between a parent company and its subsidiary, as compared to, on the other hand, activities in relation to
subsidiaries that are part of an appropriate governance structure and may be necessary for the parent to
comply with securities and other legislation, such as the preparation of consolidated financial statements or the
setting of general company policy.
In considering this potential novel duty of care, the courts will ultimately have to take into account not only
questions of good human rights practices, but also the obligations that parent companies have under certain
extra-territorial statutes such as anti-bribery and corruption laws. Whatever the result, companies will have to
consider issues of reputational risk and enterprise value risk that all too frequently attend a company faced with
allegations of human rights violations.
Novel duty of care and the role of international law.
Significantly, the Ontario court granted intervener
status to Amnesty International, permitting it to give evidence on international law and international norms in
the area of human rights.
Voluntary codes of conduct cited as evidence that a novel duty of care may exist in
circumstances where a parent company’s subsidiary is alleged to have been involved in human rights abuses
included the Voluntary Principles on Security and Human Rights, the OECD Guidelines for Multinational
Enterprises, the UN’s Protect, Respect and Remedy Framework for Business and Human Rights and the
International Standards Organization’s involvement in corporate social responsibility (for example, ISO 26000).
Amnesty International submitted that, “The existence of these international norms and standards of conduct
demonstrate the recognition by companies in the extractive industries of the risks of security forces, both public
and private, violating human rights and otherwise causing injury to members of local communities in high risk
It is also noteworthy that the Ontario court cited the parent company’s alleged public statements to the effect
that it had implemented the internationally recognized Voluntary Principles on Security and Human Rights as a
factor to be taken into account in determining the proximity part of the test for establishing a novel duty of care.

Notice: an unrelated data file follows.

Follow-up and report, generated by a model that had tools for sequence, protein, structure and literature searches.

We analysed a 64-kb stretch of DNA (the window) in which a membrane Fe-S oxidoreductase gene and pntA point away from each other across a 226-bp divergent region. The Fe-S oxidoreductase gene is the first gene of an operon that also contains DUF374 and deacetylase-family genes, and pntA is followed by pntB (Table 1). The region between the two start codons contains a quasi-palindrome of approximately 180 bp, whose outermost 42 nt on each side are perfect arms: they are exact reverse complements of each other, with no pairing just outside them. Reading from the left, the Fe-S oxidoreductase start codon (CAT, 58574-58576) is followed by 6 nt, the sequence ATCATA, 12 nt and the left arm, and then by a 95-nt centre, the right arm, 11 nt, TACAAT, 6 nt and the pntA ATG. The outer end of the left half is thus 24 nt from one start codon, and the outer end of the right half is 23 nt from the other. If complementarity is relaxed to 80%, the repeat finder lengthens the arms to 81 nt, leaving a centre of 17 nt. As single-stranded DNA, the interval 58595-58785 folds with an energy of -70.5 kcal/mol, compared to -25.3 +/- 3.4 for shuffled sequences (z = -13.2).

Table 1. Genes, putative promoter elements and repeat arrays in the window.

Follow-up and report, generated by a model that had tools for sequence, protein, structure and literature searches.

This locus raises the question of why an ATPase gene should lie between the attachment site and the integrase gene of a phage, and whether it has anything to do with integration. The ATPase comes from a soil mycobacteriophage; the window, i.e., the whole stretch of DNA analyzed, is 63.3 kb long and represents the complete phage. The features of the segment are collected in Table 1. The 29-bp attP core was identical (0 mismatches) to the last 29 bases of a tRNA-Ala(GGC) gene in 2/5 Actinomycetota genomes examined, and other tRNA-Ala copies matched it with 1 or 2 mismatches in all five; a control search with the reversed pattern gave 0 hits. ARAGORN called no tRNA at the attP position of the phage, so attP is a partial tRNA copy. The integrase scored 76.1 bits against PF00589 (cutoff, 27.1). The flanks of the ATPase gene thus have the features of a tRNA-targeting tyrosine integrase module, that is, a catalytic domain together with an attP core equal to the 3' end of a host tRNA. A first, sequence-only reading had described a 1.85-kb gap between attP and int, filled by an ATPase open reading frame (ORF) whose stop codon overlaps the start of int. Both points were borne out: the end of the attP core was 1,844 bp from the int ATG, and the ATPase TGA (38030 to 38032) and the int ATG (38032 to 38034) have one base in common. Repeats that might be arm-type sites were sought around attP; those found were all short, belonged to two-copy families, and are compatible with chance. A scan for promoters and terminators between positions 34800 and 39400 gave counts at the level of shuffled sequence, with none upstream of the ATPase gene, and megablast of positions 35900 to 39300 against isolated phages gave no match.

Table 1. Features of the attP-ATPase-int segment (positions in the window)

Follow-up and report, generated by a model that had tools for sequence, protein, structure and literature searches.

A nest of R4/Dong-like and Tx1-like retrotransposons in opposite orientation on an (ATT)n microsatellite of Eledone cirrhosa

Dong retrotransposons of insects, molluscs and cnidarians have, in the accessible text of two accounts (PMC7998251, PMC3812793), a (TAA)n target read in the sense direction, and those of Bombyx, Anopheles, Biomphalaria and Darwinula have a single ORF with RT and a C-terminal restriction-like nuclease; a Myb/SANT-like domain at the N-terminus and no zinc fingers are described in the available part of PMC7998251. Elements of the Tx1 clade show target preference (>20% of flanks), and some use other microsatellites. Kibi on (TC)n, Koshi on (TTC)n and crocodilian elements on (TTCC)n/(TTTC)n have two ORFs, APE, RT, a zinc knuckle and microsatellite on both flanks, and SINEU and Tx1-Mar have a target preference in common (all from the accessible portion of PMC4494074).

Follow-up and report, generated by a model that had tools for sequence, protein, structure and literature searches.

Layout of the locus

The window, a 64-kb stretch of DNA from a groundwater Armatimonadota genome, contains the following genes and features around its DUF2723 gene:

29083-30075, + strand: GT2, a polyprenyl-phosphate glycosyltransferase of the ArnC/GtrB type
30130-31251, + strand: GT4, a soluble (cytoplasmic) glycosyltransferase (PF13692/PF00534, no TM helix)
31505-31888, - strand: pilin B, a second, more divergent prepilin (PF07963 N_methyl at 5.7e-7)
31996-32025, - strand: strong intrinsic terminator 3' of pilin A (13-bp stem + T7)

If this factor continues to be applied, the adoption of international codes of conduct and best practices in
managing human rights could impact the legal risks facing a Canadian parent company in its foreign
Such a result could undermine the overarching goals of these currently voluntary standards for
promoting human rights best practices globally. Further, it begs the question whether any duty of care
emerging from international standards could be construed as a duty applying to an industry as a whole, making
it irrelevant whether the individual company has voluntarily adopted the standard.
In the meantime, Canadian
companies need to exercise caution when implementing written policies and making public statements
concerning their corporate social responsibility practices, including in the area of human rights.
Common law versus statutory liability.
The Government of Canada has made a clear choice not to
implement a prescriptive approach to enforcing international human rights standards (at least as yet). This
might be compared to the path chosen by the Government of Canada to legislate against the bribery of foreign
public officials under the Corruption of Foreign Public Officials Act (Canada), which concerns a different area of
corporate social responsibility and which was originally implemented to ratify the OECD Convention on
Combating Bribery of Foreign Public Officials in International Business Transactions.
From a policy
perspective, establishing a novel duty of care at common law premised upon, among other things, a myriad of
best practices articulated by international and transnational organizations, could create a level of uncertainty
for Canadian parent companies without clear guidelines as to whether, for example, the company has an
absolute obligation to prevent harm, or whether taking adequate steps proportionate to the risk to prevent harm
mitigates against such liability.
It is noteworthy that certain of the conduct alleged by the foreign plaintiffs occurred before the
Canadian parent company acquired the foreign subsidiary. This highlights the importance for Canadian
companies to be mindful of the need for due diligence on human rights issues when acquiring companies, and
the need to deal with the risk of litigation through appropriate contractual provisions.
The global business ethics team at Norton Rose Fulbright can advise on international guidelines and principles
respecting human rights, the conduct of human rights due diligence investigations and the type of training required to
address the various types of risk in multiple foreign jurisdictions and emerging markets.